A recent article on the Domtarblueline.com looks at the the basics of business cards and why the business card is the most important piece of an identity system.
In my opinion the single most important physical piece in an identity system is the business card. This simple card says so much about you and your business. While its format hasn’t changed much over the years, in a world dominated by digital communication, its importance is greater than ever.
When it comes to networking events, meeting a client or connecting with new opportunities, the business card makes an impression. It is an extension of you and your brand whether you are aware of it or not. And much like a handshake, nobody likes a wimpy one. Producing a great card isn’t difficult but does require some thought and planning.
At its most basic, a business card needs to communicate to people who you are and how to reach you. Start with a great logo to represent your company and include your tag line – this should describe (or at least hint at) what it is you do. When it comes to contact info, keep it brief: your name, email, phone number, address and website.
Once these elements are solidified, you can move onto the design and production. This is where paper and print techniques come into play.
The single most impactful attribute of a business card is the weight of the paper. I’ve seen, held and observed reactions enough to know that the one thing that makes a lasting impression on the recipient is the heft of the card. Trust me on this. People notice the thickness of the card. How often have you done the thumb test? This is where you flick the corner of a business card with your thumb subconsciously while talking. This is one element you do not want to skimp on. I advise my clients never to go lighter than 120# Cover – the heavier, the better.
If color is crucial to your design, consider how you plan to print your cards – digital or offset? While digital may be more economical, a solid flood of color on one side might not produce the results you expected. Instead think about printing offset or consider using colored paper stock.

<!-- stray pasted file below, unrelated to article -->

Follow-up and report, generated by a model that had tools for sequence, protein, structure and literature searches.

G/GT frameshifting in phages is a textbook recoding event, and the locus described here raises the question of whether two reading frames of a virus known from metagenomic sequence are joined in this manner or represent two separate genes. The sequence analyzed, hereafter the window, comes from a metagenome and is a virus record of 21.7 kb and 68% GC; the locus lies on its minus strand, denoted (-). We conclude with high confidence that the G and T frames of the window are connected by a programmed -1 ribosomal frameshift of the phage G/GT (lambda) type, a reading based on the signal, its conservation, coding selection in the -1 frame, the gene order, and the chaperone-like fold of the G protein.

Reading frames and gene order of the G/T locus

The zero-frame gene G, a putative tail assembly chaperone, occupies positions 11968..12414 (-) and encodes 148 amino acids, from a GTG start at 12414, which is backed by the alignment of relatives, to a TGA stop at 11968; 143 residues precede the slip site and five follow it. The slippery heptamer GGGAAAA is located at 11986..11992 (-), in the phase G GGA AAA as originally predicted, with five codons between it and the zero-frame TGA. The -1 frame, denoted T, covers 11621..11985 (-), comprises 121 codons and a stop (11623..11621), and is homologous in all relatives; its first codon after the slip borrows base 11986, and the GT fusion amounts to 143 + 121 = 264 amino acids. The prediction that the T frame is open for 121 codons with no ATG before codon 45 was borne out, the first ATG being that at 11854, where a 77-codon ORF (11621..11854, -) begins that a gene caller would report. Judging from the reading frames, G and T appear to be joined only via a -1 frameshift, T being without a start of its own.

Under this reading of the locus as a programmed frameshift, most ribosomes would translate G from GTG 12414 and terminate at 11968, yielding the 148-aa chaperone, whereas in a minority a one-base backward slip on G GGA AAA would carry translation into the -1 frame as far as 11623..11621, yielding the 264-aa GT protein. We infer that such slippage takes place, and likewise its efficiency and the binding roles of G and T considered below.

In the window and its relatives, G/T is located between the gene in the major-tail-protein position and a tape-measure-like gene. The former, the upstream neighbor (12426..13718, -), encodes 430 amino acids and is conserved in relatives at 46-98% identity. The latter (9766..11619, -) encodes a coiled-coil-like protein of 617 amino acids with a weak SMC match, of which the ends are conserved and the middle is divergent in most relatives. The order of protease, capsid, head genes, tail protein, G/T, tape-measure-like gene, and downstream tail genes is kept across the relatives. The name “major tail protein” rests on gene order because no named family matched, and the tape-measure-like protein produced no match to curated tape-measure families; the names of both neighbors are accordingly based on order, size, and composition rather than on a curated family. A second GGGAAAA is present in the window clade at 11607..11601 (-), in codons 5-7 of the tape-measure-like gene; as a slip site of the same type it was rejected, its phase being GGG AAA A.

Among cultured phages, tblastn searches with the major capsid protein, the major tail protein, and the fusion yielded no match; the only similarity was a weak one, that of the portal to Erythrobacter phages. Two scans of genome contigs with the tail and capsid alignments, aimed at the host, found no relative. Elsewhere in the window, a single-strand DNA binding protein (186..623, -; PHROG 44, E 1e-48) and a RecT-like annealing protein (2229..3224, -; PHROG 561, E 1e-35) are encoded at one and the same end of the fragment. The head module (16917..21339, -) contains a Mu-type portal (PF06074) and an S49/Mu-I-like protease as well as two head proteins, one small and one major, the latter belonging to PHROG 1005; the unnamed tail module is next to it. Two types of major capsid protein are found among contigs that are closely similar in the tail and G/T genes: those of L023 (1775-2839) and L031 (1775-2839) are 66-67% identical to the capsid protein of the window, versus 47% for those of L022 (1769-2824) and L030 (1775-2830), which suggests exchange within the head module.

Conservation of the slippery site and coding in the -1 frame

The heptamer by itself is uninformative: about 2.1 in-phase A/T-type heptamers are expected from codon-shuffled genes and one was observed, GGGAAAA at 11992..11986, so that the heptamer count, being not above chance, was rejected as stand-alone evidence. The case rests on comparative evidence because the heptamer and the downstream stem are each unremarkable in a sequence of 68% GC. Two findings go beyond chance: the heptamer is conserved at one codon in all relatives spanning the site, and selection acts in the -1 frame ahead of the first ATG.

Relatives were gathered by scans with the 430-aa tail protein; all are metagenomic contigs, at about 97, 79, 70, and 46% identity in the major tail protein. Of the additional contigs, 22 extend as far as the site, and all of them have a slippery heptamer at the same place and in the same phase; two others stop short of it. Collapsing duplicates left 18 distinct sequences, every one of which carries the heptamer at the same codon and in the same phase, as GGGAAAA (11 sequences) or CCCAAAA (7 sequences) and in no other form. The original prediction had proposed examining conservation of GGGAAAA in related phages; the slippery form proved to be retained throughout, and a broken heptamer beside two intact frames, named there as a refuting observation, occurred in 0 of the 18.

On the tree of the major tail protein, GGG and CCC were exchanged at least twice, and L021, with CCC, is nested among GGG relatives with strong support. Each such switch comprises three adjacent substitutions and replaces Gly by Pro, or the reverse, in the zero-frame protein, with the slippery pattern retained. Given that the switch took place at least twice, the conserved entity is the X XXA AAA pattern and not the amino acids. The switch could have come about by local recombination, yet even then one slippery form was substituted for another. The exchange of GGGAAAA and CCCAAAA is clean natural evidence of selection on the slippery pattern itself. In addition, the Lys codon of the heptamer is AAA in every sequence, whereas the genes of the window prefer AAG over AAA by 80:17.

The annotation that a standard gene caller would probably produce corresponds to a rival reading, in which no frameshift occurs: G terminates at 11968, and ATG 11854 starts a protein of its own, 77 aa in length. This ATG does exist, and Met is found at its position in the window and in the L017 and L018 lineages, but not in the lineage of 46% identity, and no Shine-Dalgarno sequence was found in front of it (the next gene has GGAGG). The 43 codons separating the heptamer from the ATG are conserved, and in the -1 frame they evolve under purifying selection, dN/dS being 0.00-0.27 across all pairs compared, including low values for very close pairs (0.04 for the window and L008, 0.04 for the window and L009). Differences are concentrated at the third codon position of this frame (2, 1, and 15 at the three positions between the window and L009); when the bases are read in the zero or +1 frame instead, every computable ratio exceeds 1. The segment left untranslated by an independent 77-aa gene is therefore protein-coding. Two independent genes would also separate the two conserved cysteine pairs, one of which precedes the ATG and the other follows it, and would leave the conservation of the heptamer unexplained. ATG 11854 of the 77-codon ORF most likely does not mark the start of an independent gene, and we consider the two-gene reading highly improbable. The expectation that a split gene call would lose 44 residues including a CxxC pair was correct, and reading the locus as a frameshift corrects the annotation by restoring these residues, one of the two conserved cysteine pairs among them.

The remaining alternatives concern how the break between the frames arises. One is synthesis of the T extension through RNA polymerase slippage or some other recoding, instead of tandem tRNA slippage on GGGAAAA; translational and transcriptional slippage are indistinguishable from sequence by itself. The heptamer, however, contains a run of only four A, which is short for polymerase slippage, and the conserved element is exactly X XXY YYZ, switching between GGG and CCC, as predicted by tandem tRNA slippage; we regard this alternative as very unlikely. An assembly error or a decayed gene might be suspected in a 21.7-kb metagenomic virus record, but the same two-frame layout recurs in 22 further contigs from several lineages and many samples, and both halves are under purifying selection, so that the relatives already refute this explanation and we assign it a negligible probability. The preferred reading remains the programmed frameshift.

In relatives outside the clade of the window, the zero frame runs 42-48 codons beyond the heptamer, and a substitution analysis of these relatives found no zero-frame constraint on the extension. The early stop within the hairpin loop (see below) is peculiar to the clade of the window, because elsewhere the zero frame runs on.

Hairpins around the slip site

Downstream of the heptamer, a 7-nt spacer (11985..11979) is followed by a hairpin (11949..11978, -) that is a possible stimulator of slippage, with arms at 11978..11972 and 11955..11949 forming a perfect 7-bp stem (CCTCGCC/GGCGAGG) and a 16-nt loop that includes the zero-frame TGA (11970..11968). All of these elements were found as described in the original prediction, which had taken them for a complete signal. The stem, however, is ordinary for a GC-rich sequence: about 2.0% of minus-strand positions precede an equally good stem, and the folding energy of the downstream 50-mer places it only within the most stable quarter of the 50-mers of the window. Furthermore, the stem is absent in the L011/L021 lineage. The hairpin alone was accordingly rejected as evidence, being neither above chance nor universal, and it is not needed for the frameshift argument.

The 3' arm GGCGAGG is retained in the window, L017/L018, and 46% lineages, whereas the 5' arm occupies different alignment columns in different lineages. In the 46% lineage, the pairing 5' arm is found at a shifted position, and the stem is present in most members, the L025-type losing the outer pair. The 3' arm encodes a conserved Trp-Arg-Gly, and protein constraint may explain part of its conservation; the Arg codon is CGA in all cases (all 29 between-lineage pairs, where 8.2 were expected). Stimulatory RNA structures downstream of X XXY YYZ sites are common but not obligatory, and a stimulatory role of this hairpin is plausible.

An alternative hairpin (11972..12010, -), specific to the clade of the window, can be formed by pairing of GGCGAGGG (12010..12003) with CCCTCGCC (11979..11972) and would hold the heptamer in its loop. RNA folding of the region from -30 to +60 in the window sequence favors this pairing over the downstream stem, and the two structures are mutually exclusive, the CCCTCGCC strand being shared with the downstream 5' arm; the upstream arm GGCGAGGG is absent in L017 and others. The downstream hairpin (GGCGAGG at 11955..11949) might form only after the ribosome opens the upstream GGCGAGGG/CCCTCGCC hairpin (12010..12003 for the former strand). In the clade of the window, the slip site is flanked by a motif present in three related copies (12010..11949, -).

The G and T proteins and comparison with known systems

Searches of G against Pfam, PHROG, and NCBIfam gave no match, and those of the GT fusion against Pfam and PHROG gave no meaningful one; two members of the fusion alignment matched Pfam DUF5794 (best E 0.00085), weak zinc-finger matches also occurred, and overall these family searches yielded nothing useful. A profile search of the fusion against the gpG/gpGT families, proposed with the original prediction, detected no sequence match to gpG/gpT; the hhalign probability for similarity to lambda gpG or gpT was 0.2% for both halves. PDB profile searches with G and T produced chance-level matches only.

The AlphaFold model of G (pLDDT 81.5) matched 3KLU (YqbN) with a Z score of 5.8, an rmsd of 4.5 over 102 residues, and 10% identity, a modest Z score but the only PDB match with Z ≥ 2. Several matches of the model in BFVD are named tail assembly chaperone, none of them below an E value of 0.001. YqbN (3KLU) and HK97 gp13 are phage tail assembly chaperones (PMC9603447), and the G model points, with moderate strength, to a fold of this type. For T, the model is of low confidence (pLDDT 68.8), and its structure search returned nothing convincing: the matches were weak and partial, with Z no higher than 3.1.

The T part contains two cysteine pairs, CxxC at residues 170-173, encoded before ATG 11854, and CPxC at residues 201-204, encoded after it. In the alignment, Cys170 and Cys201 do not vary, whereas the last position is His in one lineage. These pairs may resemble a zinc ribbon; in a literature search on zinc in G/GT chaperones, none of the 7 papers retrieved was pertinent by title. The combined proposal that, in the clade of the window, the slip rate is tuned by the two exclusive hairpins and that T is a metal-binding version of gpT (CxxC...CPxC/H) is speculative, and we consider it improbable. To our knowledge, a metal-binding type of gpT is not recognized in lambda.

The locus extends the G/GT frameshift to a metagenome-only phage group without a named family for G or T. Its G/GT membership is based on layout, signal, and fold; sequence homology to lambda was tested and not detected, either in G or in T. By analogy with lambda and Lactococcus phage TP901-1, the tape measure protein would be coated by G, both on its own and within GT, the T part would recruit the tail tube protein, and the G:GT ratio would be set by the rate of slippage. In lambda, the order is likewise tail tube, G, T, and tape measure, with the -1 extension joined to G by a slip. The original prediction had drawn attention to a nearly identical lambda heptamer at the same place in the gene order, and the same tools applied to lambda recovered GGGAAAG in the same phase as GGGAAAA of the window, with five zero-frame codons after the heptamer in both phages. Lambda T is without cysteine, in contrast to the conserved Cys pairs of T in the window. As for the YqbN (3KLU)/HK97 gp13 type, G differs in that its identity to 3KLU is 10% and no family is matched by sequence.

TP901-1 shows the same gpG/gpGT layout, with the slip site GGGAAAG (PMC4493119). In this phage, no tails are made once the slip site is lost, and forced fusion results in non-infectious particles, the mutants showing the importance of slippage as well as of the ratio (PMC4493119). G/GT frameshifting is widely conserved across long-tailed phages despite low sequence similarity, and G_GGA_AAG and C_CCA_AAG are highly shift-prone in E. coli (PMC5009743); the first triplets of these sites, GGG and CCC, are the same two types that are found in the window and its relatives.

When it comes to making a lasting impression, you want the recipient to hold onto your card, literally. The more they touch it, the more indelible an impression you make. One way to do that is by featuring a really tactile finish to the card. Paper is an easy way to do this. Since the finish is part of the paper itself, it can help keep costs in check.
There are so many options when it comes to paper textures, from a toothy vellum to a deep embossed felt, you should be able to find one that reflects the tone of your brand. One word of caution as it relates to printing on textured papers, keep in mind your printing method. With digital printing, heavier textured papers can be problematic and cause issues with toner adhesion. It’s always best to check the swatch book to see if the finish and basis weight are available in a digital option.
When it comes to insuring a final product that meets your expectations, I encourage you to do two things – get samples and work with a printer you trust.
Samples are the first step in my process towards finalizing my specs. I advise clients to always order samples cut to finished size of the papers they’re considering. I’m not a fan of winging it, when it comes to print production, surprises are costly not to mention disappointing.
And working with a printer you trust is invaluable. For my own business cards, I chose to feature two unique papers and produce a custom duplex sheet featuring letterpress and foil stamping. After three failed attempts with a printer outside my market, I turned to a trusted letterpress printer locally to get the results I expected.
I tried to make things right with the first printer but their supplier had issue with laminating the papers. The cards looked beautiful but the adhesive didn’t stick and the minute I did the thumb test, they split apart. They were sweet about it and while I was given a refund, I lost a ton of time in production. Suffice it to say, I learned my lesson. A relationship with a good printer (or any supplier for that matter) is worth every cent.
Read the original post at http://domtarblueline.com/2016/04/business-card-basics/
View samples of business cards we have made here